Digital skills for post-university life

“Social Media” flickr photo by magicatwork shared under a Creative Commons (BY) license

How can technology be used to help prepare for post-university life?

There are many digital tools that can help students to start researching careers and building a positive online presence.

We look at tools useful to a student or to a tutor wanting to promote Continuing Professional Development (CPD).

Create a webfolio

A webfolio can help a student to collate educational and work experience in one place as well as make it easy to share with prospective employers or institutions.

One option to create a free webfolio is to use the popular WordPress blogging platform. WordPress is primarily a blogging platform, however, it can also be used to create websites. WordPress currently accounts for up to 27% of all all websites.

How to create a webfolio?

Go to WordPress for your free account. You will be taken through five steps. The first is to decide what type of format you want. Select ‘A welcome page for my site’. Now choose a theme (you can change this easily at any time if you change your mind later). Next, add a domain. The final step is choosing your plan and if you want the free option then opt for ‘Free for life’. Finally, you create your account with a username and password. 

WordPress will give you a free domain such as ‘’. You can alternatively opt to purchase your own unique domain. You will need to pay for the domain (variable) and also pay a nominal charge to WordPress (roughly £10 per year) to ‘map’ this domain to your free WordPress webdolio. This is the cheapest method of having a webfolio with a unique domain.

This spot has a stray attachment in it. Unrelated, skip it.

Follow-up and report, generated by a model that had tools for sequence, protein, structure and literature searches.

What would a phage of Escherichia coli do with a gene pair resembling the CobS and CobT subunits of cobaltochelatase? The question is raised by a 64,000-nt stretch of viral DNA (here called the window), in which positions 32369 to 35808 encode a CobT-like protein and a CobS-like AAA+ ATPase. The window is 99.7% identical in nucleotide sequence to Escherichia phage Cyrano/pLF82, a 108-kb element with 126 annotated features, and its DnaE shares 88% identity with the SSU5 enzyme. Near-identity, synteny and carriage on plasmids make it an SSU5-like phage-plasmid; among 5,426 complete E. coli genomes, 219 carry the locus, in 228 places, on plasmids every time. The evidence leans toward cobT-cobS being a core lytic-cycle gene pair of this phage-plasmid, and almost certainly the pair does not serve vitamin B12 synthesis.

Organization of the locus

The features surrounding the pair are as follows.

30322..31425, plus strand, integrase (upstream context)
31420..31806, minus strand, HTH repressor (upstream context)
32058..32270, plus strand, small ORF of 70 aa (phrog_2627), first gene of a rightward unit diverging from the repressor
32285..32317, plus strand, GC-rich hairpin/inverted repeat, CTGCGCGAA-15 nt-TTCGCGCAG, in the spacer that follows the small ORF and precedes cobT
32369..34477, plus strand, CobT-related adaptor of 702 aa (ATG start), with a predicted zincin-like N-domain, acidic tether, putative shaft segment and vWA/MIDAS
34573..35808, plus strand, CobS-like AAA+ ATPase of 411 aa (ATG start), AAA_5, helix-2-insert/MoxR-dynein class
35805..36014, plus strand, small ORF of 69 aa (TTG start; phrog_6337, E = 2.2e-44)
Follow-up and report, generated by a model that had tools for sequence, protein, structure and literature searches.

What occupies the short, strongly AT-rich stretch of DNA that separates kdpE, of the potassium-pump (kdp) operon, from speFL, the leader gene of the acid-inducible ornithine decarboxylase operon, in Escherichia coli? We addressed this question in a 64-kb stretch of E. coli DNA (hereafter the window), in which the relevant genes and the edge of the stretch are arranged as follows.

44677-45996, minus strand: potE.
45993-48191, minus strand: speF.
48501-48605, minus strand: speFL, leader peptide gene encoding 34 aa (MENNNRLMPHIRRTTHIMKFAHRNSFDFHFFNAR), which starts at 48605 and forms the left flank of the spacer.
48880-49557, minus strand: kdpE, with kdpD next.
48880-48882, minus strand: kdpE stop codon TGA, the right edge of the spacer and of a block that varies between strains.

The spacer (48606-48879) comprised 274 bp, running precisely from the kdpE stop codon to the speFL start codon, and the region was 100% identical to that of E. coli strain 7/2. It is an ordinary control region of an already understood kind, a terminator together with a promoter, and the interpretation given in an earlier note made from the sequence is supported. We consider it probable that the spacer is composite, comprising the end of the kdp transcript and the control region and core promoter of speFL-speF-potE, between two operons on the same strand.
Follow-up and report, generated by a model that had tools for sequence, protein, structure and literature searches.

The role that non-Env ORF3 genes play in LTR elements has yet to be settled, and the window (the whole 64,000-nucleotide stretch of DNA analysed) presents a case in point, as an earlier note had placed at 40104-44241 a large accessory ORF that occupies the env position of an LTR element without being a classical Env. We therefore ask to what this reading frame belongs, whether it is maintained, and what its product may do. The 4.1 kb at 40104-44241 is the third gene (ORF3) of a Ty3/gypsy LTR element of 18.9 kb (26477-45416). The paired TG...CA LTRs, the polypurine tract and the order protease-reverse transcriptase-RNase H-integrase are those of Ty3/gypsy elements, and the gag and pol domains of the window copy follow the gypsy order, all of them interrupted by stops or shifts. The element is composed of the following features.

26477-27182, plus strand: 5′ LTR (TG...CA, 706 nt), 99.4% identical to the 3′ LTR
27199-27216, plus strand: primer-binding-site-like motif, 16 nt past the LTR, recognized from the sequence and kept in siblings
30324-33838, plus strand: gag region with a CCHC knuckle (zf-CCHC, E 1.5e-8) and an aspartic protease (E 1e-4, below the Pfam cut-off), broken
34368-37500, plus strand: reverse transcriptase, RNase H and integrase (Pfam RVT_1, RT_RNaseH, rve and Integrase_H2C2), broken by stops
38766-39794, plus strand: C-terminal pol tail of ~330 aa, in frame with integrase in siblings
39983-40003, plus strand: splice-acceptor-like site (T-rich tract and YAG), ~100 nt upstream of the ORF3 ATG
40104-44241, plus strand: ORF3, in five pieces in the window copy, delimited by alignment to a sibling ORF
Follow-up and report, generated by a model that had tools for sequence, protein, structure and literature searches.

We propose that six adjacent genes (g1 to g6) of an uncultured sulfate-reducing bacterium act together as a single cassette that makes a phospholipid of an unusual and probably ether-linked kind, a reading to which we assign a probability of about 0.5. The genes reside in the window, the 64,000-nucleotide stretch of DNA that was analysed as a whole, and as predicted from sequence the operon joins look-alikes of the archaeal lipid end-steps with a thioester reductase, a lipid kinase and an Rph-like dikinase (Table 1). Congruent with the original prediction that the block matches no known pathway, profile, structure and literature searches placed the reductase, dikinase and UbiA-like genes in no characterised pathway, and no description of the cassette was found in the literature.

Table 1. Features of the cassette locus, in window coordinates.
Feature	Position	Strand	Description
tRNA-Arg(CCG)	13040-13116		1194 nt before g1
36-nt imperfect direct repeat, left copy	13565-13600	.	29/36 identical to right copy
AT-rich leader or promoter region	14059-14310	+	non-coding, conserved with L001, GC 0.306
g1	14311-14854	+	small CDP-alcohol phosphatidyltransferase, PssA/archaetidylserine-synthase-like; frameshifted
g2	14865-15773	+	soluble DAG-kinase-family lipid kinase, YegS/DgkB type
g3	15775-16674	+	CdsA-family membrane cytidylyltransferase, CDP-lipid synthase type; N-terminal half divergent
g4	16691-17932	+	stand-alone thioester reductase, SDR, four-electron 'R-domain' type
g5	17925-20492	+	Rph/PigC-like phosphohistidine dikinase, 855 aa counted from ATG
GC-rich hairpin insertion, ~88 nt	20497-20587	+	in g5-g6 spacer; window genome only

Now that you have your own webfolio you can add it to your traditional CV, your email signature and your LinkedIn profile.

You may want to follow the following format as a template:

  • About me
  • Educational experience
  • Work experience
  • Special projects or work placement
  • Contact details

To create pages, go to WordPress Admin and click on the ‘Pages’ tab to add additional pages to the default ‘Home’ and ‘About’ template.

Get active on LinkedIn

“Sparse, scale-free network” flickr photo by sjcockell shared under a Creative Commons (BY) license

LinkedIn can prove a useful platform for researching potential careers.

Ever wondered how to get into lab work, for example? Well, use the LinkedIn search and type in ‘Laboratory Technician’ (or whatever job you want to research) and then use the advanced search engine to look for all the profiles listed with that job title.

If profiles have been filled out to completion, you will be able to see what qualifications are needed for any chosen profession and also look at the work experience necessary to get a similar position.

This research can be helpful in building up a picture of what experience you need. You may also see the same employers coming up at the beginning of people’s careers in particular sectors, and this in itself can give you a lead into which employers are happy to take on new entrants.

There are further ideas in the post ‘Academics, are you LinkedIn?’ on how to get active on LinkedIn.

Curating content to show expertise

“collecting from the charity shop” flickr photo by annrapstoff shared under a Creative Commons (BY-NC) license

In the article ‘First year university student engagement using digital curation and career goal setting’ by Amy Antonio and David Tuffley of the University of Southern Queensland in Research in Learning Technology journal, the use of – a digital curation tool – was researched for effectiveness in student career research.

Researchers collated the results of how first year students were able to:

  1. establish and maintain a clear goal of their ideal future career and
  2. make use of a web-based digital curation tool to research and present their findings.’